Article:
The project would, among other changes, widen the roadway to add dedicated turn lanes.
The application requests $25.1 million from the Virginia Department of Transportation‘s (VDOT) SMART SCALE funding program to make improvements to Route 50, also known as Arlington Blvd, where it runs between Glebe Road and Fillmore Street.
This stretch of road, according to VDOT, had 247 crashes on it with 61 total injuries between 2014 and 2018.
“This segment of Route 50 experiences congestion in the morning and evening peak periods and a high number of crashes,” VDOT said in an April presentation. “Route 50 averages 62,000 vehicles a day within the study limits.”
Potential changes would come from recommendations made in a yearlong VDOT study of this area. These include adding new left-turn lanes and expanding current ones, as well as installing raised medians in certain high crash areas.
Constructing a new service road where Route 50 runs eastbound between Glebe and N. Jackson Street, and reconstructing a shared-use path in the section, were also recommended by VDOT.
The commission did pass a motion to recommend the County Board direct the County Manager to lay plans for a Route 50 corridor study between Roosevelt Bridge and Fairfax County.
Members voting against VDOT’s recommendation cited issues with the department’s study — including what they said was a limited scope, a failure to consider how changes would impact speed in this section of road, and a failure to account for more cars driving this road — as reasons for their vote.
Commissioner Darren Buck, the most outspoken critic of VDOT’s recommendations during the meeting, said the fact that VDOT’s study only looked at the area between Glebe and Fillmore and not Route 50 as a whole was among his greatest concerns about supporting the plan.
“I do not want to apply to fund this fundamentally flawed project to fill pressing local needs when a more comprehensive study of the corridor is pushed off indefinitely,” Buck said. “I do not think [the state should be] sinking $25 million into a spot improvement that basically determines how the rest of the corridor is going to look when we still haven’t addressed that long-standing open community question of how the rest of the corridor should look and operate.”
Commissioner Margarita Brose, as one of two commissioners voting for recommending the funding application, said the already high number of crashes in the section outweighed concerns over the project’s cost and a widening of the roadway.
“The safety concerns really weigh heavily on me,” Brose said. “I understand it’s a lot of money for a short period but we’ve seen the statistics on the number of cars that go through there and the crashes.”
VDOT said the study’s recommendations were primarily focused on improving the road’s safety.
“The safety aspect is one of the key things that led us to try and find a solution or a way to reduce those crashed,” VDOT said. “That’s one of the key motivating things that got us to start the study and to come up with the alternatives that we reviewed.”
Still, commission members questioned the actual safety added by VDOT’s recommendations.
“We are adding lanes for cars and making the highway more divided so that cars will go faster,” Commissioner Taylor Reich said. “As a result of this, I am unconvinced this project will improve safety, especially for pedestrians.”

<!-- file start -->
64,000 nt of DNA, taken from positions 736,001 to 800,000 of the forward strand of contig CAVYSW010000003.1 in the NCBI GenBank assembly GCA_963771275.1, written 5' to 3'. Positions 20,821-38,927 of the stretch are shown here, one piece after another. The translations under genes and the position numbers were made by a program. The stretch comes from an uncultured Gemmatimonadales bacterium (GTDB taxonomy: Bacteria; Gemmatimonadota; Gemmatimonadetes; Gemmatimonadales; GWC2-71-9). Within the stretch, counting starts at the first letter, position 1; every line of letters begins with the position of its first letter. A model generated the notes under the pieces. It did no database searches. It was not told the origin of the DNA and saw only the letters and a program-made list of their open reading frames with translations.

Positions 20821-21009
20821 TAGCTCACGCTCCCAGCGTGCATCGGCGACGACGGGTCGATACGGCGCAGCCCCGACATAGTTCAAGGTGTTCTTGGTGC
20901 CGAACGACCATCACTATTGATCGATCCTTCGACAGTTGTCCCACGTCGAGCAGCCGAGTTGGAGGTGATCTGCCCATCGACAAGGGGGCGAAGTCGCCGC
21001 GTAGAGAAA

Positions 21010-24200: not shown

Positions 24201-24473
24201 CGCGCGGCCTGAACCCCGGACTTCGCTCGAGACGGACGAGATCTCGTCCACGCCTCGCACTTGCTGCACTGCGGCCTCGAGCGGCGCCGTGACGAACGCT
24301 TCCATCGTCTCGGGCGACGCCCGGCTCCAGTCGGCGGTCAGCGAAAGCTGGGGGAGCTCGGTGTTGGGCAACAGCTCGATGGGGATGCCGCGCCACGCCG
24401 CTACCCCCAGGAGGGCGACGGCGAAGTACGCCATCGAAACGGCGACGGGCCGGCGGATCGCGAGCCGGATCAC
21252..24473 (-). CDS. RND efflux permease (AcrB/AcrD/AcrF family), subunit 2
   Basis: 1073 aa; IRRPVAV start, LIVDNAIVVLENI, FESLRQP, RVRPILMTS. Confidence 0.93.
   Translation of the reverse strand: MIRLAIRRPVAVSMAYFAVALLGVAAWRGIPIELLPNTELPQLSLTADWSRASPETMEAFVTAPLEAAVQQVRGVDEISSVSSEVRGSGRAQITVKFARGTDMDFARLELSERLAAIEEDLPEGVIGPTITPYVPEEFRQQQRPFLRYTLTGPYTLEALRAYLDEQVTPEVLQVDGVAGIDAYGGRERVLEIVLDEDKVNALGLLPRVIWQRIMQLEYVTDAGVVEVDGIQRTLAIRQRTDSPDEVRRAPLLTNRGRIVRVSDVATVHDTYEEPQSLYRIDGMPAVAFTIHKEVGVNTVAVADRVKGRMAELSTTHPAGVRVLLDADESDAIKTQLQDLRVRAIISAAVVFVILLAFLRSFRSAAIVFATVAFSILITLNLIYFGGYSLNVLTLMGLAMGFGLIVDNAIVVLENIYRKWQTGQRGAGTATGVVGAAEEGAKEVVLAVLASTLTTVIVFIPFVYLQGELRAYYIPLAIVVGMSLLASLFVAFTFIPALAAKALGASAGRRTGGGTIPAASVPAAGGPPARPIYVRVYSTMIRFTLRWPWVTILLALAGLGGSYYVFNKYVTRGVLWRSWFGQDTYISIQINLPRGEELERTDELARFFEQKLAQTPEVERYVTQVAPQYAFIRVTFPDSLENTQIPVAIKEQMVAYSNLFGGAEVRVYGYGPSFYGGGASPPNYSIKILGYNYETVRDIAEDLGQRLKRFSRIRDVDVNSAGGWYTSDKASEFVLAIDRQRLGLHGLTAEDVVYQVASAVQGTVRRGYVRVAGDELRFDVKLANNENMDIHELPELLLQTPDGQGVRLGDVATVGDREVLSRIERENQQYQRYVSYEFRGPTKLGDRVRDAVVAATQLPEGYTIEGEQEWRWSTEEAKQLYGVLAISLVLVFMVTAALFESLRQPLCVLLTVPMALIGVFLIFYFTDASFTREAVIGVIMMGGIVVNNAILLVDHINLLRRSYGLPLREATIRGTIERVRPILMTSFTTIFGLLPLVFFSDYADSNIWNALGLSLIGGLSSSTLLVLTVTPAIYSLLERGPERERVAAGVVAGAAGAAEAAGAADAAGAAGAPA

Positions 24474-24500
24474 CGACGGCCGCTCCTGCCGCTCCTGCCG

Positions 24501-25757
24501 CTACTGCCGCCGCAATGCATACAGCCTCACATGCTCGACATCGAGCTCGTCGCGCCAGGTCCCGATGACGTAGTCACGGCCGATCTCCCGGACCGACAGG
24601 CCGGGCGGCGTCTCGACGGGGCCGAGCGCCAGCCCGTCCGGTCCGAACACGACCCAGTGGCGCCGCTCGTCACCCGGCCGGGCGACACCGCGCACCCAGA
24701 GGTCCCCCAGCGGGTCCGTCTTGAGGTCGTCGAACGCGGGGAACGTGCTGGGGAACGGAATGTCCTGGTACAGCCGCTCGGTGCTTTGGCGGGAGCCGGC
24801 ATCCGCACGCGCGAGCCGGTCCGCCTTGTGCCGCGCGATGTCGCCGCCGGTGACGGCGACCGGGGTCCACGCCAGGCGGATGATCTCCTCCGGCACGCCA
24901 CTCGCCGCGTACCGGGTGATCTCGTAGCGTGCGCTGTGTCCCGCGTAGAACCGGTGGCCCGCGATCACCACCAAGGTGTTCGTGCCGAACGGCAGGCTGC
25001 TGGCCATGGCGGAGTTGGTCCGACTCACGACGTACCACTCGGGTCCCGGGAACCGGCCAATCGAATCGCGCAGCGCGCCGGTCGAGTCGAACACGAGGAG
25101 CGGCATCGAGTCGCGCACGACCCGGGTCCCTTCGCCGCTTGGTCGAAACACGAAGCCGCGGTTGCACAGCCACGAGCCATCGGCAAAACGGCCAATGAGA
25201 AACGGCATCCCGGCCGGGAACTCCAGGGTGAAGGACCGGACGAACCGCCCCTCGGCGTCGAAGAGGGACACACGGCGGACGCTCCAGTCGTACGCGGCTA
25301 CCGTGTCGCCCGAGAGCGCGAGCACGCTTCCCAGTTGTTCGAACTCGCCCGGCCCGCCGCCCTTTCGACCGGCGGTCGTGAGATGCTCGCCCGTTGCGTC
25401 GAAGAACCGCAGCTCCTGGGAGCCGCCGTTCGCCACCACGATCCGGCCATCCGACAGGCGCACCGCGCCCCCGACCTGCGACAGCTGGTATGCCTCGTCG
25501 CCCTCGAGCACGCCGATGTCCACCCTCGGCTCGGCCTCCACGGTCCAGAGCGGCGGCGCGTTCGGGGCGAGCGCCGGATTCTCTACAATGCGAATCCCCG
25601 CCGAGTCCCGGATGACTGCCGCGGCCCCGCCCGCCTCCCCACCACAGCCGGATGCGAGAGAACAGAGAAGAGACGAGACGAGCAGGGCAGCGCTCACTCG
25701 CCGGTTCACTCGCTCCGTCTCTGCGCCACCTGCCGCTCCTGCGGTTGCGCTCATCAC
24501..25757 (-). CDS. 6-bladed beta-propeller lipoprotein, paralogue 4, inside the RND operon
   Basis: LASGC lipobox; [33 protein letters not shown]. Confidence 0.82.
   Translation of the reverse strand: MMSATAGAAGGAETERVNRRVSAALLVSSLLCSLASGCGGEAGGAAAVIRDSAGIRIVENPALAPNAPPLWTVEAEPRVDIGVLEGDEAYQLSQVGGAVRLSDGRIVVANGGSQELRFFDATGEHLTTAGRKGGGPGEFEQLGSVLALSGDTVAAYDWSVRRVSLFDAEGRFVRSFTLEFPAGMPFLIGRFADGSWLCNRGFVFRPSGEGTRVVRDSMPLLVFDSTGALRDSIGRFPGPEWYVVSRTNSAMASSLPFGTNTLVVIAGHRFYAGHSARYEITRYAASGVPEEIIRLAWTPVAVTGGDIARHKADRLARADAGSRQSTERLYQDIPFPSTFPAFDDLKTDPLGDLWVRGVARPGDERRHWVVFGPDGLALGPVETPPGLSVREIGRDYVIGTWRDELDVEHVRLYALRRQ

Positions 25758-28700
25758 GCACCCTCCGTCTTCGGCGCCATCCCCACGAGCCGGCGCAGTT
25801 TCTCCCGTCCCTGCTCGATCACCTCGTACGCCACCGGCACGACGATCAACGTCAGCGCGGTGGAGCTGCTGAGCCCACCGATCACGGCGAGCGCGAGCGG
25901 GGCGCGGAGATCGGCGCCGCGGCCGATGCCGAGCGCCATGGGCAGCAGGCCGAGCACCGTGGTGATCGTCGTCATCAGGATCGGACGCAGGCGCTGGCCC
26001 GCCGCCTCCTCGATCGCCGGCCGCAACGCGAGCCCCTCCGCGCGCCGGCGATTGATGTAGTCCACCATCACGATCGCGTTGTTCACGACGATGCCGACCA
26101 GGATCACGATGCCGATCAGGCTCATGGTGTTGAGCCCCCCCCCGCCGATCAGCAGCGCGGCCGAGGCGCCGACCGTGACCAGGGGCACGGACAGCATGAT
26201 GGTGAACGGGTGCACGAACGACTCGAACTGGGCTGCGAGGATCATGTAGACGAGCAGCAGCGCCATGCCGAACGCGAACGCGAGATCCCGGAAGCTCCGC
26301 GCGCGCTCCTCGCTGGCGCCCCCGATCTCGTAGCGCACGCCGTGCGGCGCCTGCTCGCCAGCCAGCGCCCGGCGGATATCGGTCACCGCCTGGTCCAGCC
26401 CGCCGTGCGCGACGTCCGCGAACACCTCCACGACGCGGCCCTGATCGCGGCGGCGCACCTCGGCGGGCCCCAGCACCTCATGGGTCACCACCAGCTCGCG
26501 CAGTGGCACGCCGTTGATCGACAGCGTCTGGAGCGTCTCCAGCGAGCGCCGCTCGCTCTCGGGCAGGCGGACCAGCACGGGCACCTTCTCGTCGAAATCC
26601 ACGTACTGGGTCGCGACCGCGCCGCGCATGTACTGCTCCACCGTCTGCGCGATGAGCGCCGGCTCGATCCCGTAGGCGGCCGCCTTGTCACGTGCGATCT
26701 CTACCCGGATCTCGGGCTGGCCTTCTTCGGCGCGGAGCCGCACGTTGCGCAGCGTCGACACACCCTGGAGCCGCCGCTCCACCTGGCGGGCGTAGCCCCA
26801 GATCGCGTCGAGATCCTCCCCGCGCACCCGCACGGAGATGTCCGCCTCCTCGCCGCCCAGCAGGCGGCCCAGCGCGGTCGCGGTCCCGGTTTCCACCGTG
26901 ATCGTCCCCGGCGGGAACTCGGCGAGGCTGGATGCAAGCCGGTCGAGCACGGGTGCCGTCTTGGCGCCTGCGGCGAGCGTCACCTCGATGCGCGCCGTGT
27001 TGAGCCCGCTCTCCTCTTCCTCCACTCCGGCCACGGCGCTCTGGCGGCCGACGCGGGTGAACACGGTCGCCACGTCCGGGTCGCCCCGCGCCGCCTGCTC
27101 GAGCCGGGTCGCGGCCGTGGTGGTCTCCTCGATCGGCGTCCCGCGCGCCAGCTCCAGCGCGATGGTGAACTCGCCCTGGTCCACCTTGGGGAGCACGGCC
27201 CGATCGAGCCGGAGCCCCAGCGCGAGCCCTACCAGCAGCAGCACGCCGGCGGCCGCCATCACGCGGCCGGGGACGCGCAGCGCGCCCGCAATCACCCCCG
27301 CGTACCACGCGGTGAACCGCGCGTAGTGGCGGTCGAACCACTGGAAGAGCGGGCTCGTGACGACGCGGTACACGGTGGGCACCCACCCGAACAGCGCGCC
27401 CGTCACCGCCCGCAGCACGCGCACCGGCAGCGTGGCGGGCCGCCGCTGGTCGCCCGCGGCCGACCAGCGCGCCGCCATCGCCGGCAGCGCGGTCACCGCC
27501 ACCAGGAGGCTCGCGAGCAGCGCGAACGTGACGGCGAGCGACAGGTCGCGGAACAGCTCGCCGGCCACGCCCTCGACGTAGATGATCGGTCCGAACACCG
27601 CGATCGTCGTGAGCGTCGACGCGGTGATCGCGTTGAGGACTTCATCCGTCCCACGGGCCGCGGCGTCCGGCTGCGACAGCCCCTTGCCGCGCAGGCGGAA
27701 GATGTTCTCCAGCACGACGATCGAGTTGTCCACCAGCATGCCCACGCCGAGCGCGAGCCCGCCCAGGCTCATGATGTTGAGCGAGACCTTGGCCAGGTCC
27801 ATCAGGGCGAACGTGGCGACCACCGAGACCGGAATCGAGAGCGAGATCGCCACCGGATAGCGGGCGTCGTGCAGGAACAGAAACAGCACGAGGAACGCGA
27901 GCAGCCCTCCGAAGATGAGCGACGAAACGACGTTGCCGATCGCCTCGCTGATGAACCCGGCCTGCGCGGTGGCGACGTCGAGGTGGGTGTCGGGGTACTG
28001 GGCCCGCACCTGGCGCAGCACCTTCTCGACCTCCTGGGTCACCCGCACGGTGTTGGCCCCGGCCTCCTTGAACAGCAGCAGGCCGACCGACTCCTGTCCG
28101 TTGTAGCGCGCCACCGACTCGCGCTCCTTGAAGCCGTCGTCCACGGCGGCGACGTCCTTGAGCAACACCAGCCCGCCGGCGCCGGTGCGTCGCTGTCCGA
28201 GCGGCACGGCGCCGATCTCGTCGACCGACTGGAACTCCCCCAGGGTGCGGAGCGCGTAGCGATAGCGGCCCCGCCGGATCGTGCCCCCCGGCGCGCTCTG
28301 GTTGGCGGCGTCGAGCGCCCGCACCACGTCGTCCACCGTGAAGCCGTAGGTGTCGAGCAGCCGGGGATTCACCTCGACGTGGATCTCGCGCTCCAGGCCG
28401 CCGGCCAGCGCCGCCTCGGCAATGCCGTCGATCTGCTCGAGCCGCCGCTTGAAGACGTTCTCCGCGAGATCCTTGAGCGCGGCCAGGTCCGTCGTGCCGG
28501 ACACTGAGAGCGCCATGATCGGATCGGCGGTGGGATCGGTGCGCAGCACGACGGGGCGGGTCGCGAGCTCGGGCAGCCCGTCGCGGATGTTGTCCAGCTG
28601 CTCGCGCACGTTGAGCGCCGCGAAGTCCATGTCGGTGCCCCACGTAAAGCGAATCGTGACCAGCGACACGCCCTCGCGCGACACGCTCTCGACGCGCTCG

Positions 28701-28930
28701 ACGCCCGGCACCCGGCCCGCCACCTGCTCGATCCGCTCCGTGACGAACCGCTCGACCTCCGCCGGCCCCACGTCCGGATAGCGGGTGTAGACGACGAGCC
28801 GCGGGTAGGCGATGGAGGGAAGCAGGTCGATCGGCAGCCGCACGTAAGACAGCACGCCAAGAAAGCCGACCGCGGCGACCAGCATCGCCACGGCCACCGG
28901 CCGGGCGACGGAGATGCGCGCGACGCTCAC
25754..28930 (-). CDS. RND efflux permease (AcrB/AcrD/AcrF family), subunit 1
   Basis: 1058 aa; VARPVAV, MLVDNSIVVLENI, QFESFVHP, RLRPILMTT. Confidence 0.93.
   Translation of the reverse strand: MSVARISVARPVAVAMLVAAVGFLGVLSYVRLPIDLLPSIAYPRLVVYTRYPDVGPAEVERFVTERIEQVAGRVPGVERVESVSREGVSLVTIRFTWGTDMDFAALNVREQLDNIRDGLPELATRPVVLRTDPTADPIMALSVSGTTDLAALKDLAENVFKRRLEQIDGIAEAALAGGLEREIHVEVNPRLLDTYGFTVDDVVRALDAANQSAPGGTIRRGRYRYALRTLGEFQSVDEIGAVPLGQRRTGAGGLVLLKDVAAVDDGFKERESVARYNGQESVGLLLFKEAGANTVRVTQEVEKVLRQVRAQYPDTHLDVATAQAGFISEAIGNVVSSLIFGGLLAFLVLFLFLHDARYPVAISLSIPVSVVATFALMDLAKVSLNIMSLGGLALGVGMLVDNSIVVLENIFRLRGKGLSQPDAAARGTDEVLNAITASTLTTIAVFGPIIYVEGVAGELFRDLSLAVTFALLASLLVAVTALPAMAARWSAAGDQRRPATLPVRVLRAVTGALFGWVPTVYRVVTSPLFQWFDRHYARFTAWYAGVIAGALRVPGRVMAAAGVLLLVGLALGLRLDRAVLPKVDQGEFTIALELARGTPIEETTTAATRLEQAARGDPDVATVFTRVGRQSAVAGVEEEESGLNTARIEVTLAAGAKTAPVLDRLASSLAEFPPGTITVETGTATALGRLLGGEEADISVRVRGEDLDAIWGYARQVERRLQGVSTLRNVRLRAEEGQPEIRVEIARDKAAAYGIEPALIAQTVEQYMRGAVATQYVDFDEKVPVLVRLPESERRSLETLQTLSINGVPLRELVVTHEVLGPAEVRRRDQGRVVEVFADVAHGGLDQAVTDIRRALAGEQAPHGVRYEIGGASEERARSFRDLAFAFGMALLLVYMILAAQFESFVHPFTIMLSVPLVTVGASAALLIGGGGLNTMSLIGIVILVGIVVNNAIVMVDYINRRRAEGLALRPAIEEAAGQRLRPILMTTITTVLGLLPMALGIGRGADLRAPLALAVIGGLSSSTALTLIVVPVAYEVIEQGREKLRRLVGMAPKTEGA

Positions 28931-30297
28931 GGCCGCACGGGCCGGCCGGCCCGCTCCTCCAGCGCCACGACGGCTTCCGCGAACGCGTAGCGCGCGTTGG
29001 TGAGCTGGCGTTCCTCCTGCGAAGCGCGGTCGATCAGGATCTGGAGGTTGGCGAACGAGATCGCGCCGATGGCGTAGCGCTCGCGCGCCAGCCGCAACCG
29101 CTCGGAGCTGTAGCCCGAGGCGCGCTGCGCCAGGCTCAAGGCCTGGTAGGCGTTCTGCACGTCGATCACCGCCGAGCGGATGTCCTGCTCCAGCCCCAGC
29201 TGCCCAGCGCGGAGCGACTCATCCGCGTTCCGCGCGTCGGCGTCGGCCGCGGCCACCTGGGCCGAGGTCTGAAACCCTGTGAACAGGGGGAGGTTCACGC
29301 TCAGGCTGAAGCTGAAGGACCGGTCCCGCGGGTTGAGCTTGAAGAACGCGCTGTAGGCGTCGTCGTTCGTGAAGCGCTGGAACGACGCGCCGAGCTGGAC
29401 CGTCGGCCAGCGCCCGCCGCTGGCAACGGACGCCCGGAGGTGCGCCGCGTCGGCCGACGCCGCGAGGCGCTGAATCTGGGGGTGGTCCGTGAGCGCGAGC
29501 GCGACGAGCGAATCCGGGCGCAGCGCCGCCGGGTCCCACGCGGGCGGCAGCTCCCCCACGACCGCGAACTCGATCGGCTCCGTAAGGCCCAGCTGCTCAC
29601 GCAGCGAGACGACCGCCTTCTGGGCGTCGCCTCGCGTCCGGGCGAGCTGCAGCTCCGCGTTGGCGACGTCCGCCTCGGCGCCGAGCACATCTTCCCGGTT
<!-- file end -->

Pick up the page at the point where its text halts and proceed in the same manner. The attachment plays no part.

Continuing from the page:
VDOT said its plan leaves three through lanes in each direction on Route 50, which is similar to its current state. The road widening, she said, is to allow room for new left turn lanes.
If the County Board approves a SMART SCALE funding application, there is no guarantee the project would receive the money. VDOT describes SMART SCALE funding as highly competitive.
Images via Arlington County
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In loving memory of William Dinwiddie Tucker, who passed away in 2023 at the age of 95.
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St. Charles offers a play-based curriculum in a welcoming, Christ-centered environment.
Our program focuses on socio-emotional development and kindergarten readiness through hands-on and engaging activities. Our programs offer different schedules ranging from 7:30 am-5:30 pm for students, ages 2-5. We feature a full-day Jr. kindergarten class for older 4’s/5’s. Our facility includes a full-sized gymnasium, school chapel, and library. All of our students enjoy music and physical education weekly. Children have an opportunity to participate in enrichment classes such as soccer, basketball, ballet, and science.
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For more information or to schedule a tour, visit us at www.stcharlesarlington.org or call (703) 527-0608.
If you are a lifelong learner over 50+ who wants to make new friends, power up your brain, and enjoy a wide-variety college-level courses, Encore Learning is for you. An Arlington based nonprofit, Encore Learning offers courses in the arts, theater, literature, history, technology and more. This semester we offer our most popular course, Global Hot Spots as well as 25 new courses. Courses are presented either online or in-person at George Mason University at Virginia Square and other Arlington locations.
Join the free presentation to learn about courses and meet the instructors. This is Encore Learning’s signature event to highlight the upcoming semester with brief presentations by each instructor.
The Spring Course Preview event is Thursday, February 2nd at 9:30 AM via Zoom:
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